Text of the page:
Japan down 10%, World markets all down – But solar power bucks the trend!

Radioactive contamination testing of Japanese

Radioactive contamination testing of Japanese

What a day on the stock exchanges around the world.
Nikkei down over 10% on Tuesday. 10%! And Nikkei did extremly poorly on Monday as well. Poor Japan, I hope they will be spared of more misery now and that damages can be mended effectively. It is comforting to see the international support for Japan.

Back to the stock exchanges however, one can’t help but notice that solar stocks have skyrocketed the last two days.
While the world markets have been down two days in a row, solar stocks have bucked the trend and skyrocketed as much as 20% in two days. And the momentum keeps building up.
The worlds largest producers of solar panels, Suntech Power and Yingli Green have shot through the roof today, with Yingli Green up from 10.50 on Friday to 12.25 today, Tuesday. 
 
Yingli Green solar power company stock chart after the Japanese earthquake and tsunami

Yingli Green solar power company stock chart after the Japanese earthquake and tsunami


Solar stocks have been upgraded, nuclear power companies, such as Hitachi, that built the nuclear reactors in Japan have been hammered and downgraded, and even oil companies are being downgraded at the time of this writing.
Could this finally become the moment for solar companies to shine, not just economically as they already have over the last few years, but shine with a solid position ideologically and become immune to political instability from now on?

Solar Power Forum with News.

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Tablet launch, earnings mean big week for Apple

The company releases quarterly results on Monday, but Wall Street is waiting for Wednesday, when Apple could unveil a new tablet computer that investors hope will be as huge a phenomenon as its iconic iPod and iPhone.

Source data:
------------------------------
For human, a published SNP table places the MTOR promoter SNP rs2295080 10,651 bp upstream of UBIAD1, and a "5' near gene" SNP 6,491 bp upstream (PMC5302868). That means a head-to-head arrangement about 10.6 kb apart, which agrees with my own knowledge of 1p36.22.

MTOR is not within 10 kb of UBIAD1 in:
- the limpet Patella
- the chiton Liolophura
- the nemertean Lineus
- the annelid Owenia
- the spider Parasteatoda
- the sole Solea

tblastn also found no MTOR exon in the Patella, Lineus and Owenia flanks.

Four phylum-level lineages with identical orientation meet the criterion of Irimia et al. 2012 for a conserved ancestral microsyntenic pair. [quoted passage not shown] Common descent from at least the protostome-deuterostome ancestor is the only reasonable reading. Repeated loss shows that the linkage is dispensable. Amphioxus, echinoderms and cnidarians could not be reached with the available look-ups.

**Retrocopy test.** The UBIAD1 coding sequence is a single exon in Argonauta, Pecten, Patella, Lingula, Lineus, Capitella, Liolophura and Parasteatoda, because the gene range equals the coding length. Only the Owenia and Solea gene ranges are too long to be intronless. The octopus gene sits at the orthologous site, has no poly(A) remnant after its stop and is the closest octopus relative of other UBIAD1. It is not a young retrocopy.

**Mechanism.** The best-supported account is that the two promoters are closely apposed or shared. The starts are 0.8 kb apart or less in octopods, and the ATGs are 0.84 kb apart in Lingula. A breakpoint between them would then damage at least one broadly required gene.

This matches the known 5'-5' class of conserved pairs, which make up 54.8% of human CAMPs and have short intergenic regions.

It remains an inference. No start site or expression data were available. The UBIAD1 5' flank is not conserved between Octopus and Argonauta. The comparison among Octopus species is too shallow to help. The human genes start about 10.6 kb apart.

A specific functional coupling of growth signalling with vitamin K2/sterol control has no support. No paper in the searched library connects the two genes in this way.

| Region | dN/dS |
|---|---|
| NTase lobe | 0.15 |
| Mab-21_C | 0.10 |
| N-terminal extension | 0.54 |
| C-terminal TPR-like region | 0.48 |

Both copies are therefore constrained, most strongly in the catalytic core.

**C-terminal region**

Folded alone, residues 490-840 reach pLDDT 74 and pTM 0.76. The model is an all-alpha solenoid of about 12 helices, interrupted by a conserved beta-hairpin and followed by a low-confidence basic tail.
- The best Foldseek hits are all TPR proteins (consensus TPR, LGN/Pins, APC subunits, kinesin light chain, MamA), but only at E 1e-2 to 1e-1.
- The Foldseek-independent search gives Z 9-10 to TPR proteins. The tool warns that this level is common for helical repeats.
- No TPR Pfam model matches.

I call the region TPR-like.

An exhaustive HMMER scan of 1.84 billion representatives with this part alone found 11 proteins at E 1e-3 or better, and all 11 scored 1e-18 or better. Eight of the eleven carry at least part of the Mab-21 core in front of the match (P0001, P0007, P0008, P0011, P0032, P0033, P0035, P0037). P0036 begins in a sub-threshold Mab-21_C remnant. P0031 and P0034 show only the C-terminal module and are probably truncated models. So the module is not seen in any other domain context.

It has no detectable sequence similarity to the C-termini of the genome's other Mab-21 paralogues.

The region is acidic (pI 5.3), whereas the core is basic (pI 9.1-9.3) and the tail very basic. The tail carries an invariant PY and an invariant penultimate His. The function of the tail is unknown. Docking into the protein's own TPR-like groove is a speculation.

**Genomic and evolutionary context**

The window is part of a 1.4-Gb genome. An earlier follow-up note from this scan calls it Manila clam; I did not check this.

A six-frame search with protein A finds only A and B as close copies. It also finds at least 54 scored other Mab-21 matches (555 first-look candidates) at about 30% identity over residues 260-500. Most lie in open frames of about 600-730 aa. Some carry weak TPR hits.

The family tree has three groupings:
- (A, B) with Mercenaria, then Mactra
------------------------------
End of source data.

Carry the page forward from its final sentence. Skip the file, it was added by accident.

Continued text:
The week could provide a pair of long-term catalysts for Apple’s stock. But the company’s shares often sell off right after major launches after months of rumor fuel big expectations.

Little is known about the device, despite a rabid fan following speculating on everything from the component makers to its shape and form. Industry watchers are bullish. They say Apple’s obsession to detail gives the so-called “iSlate” a big edge in a computer category that had been deemed a failure.

“If Apple is going to design a product, then it’s going to be the best design in the marketplace,” said Broadpoint Amtech analyst Brian Marshall. “To bet that it’s going to be a flop is a bad bet.”

Most analysts have not factored the tablet into estimates for fiscal 2010, but sell-siders have been busy lifting price targets on Apple’s stock in the past month.

To be sure, Apple is setting itself quite a task, one that has frustrated previous attempts: to sell consumers on the value of a device that sits somewhere between a full-sized laptop and a pocket cellphone.

The device is hyped as a do-everything, go-everywhere touchscreen media gadget that bridges the gap between smartphones, laptops and electronic readers. Magazine, book and newspaper publishers are reportedly talking with Apple about providing material.